Gps Tracking Is The Wave Of The Future For Law Enforcement
Law enforcement authorities view monitoring and tracking devices that utilize global positioning systems (GPS) technology as an effective tool for punishing and controlling criminal offenders, particularly at a time when prisons are having overcrowding problems.
Because GPS tracking systems are much more effective than house arrest devices, the technology would enable law enforcement authorities to put more nonviolent offenders on satellite-based surveillance, which would free up space in prisons for the most violent criminals.
Furthermore, law enforcement authorities say GPS tracking can improve public safety because probation and parole officers will be able to monitor parolees more closely.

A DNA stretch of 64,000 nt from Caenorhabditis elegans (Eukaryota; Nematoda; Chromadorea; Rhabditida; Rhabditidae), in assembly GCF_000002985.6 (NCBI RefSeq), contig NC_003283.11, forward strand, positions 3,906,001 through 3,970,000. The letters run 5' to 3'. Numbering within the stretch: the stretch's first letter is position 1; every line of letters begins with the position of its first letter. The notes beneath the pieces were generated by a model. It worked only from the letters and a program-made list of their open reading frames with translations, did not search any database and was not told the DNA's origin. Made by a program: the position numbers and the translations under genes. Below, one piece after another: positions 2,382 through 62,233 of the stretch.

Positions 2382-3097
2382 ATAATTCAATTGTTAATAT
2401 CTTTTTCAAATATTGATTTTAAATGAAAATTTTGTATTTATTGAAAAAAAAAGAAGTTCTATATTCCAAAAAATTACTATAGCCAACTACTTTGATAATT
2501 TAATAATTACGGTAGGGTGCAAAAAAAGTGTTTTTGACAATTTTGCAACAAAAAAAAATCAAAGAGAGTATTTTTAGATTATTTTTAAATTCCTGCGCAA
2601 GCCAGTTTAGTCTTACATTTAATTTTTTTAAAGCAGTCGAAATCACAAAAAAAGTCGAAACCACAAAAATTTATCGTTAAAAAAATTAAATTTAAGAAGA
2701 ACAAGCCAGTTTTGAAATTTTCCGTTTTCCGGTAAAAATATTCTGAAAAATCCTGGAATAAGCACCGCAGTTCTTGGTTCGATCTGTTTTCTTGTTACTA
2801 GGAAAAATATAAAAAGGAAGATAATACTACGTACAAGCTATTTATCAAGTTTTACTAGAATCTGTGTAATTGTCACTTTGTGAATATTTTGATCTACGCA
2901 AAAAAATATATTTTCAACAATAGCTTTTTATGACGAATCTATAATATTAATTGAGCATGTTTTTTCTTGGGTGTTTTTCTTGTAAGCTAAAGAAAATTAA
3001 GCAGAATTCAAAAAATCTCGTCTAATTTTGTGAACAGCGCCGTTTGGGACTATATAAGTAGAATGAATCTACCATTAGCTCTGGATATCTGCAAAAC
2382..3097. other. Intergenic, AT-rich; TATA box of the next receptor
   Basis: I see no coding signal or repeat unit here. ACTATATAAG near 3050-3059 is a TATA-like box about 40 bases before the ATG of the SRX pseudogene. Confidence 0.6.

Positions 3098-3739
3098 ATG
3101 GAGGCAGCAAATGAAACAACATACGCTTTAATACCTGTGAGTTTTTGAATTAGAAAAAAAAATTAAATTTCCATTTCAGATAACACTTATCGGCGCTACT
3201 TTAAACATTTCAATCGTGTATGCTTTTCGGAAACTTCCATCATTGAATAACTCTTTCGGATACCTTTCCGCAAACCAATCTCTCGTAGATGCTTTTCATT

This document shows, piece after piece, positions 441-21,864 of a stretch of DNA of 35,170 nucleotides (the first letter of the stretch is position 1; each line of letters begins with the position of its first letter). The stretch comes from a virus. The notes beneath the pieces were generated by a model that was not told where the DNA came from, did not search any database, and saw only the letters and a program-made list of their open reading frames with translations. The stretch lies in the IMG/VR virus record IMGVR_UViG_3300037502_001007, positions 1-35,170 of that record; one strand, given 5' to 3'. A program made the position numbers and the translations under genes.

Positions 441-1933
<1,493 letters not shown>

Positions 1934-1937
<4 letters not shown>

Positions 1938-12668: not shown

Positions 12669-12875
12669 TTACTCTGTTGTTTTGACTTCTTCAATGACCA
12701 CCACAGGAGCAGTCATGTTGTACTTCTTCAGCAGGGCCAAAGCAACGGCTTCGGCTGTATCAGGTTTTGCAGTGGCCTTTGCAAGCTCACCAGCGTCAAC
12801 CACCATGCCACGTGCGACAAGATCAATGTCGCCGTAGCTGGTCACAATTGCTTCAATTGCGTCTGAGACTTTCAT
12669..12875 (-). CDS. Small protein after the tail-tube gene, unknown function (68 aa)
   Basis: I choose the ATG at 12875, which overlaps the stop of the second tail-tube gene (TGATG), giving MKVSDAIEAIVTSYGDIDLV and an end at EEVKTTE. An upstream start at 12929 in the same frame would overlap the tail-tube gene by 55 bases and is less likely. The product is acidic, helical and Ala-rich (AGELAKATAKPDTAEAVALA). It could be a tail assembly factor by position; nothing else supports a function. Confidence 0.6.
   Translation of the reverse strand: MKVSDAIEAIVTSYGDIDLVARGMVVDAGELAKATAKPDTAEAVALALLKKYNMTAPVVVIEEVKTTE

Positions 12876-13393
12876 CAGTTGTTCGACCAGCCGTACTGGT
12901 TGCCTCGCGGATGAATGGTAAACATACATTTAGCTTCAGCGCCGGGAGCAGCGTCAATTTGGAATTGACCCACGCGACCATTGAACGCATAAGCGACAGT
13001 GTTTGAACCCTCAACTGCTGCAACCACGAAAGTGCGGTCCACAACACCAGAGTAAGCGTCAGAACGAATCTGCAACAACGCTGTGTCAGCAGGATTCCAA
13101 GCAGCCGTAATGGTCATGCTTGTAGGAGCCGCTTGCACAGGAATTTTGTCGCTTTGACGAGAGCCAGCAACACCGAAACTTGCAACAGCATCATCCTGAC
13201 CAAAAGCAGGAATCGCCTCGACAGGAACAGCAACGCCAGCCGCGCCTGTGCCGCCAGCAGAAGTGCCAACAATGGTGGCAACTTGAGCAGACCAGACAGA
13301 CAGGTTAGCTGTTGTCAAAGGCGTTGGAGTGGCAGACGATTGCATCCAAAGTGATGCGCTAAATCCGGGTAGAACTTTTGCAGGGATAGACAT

Invented by the U.S. military during the Cold War to mobilize troops and missiles, GPS has evolved into a successful tool for tracking down terrorists across the globe and is increasingly being used at home by law enforcement authorities.
GPS tracking is currently being used by departments and agencies in 27 states, and the American Correctional Association reports that 22,192 people were under electronic monitoring for either probation or parole in 1999.
GPS devices use a transmitter and receiver working in conjunction with aerial satellites to pinpoint the location of a subject wearing a removable personal tracking unit and a non-removable wireless ankle cuff.
Some people criticize GPS-based tracking and monitoring for encroaching on civil liberties, while others contend that its use is not punitive enough. GPS is also used to track 911 calls from cell phones and INS violations, and could be used for more cases of people tracking, such as locating child abduction victims.
Abstracted by the National Law Enforcement and Corrections Technology Center(NLECTC) from the Journal of Counterterrorism & Homeland Security International (05/23/03) Vol. 9, No. 1,; Stark, Jim.